The basic function of the vertebrate iris, which is aptly compared to the aperture diaphragm of a camera, is control of the intensity of light reaching the retina. The pupillary aperture is controlled by two sets of antagonistically acting muscles in the iris: the circular muscle of the sphincter pupillae (iris sphincter), which causes narrowing of the pupil (miosis), and the radially arranged muscles of the dilator pupillae (iris dilator), which causes widening of the pupil (mydriasis). In most groups the iris sphincter and dilator are composed of smooth muscle, but in reptiles and birds the iris muscles are, at least mainly, striated. In some groups (fish, amphibians and reptiles) the iris sphincter contains a light-sensitive pigment which causes a direct constriction of the pupil in response to incident light, without involvement of nervous mechanisms (Brown-Séquard 1847, Steinach 1890, 1892, Guth 1901). The pupillary diameter is controlled mainly by the sphincter and, in some species of teleosts, amphibians and reptiles dilator muscles may be absent (see below). It is of interest to note that the muscles of the iris are derived from the embryonic retina (light-sensitive pigments!) and are thus of ectodermal origin. In spite of this unorthodox origin, the muscles of the iris show both structural and functional similarities with other muscle tissue (Romer 1962).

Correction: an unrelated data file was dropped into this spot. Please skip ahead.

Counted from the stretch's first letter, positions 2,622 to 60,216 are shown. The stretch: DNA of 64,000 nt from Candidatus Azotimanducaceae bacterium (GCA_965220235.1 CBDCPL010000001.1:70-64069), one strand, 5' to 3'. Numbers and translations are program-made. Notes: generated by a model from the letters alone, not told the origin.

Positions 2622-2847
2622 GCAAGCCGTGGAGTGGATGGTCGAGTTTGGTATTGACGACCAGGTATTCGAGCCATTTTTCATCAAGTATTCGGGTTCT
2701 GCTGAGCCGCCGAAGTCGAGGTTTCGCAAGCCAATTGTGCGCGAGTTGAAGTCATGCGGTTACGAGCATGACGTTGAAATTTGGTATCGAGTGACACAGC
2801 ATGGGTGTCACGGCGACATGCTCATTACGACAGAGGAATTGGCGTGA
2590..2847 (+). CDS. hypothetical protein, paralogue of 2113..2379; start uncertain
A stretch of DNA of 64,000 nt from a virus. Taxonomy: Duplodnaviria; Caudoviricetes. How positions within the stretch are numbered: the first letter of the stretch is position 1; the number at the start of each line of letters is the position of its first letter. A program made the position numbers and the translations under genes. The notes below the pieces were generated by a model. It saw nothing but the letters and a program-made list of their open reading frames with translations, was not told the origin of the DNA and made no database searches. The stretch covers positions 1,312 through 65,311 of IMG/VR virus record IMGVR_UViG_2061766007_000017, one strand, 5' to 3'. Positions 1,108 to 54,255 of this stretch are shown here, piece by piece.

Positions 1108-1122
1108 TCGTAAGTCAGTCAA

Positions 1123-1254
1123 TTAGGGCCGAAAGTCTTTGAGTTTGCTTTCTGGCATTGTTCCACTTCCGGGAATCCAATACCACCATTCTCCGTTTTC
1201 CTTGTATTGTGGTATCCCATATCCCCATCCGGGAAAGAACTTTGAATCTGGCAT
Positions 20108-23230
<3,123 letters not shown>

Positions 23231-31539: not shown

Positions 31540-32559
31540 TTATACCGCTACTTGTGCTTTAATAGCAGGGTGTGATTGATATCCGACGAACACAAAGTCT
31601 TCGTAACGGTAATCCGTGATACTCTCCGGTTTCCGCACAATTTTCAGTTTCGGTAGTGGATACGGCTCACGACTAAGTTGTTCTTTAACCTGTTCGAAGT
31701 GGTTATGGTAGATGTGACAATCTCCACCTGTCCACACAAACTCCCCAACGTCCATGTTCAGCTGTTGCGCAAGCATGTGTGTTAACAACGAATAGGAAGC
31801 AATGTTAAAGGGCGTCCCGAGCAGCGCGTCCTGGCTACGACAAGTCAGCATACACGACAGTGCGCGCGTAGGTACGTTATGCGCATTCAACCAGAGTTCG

KeywordsNicotine Retina Adrenaline Acetylcholine Atropine
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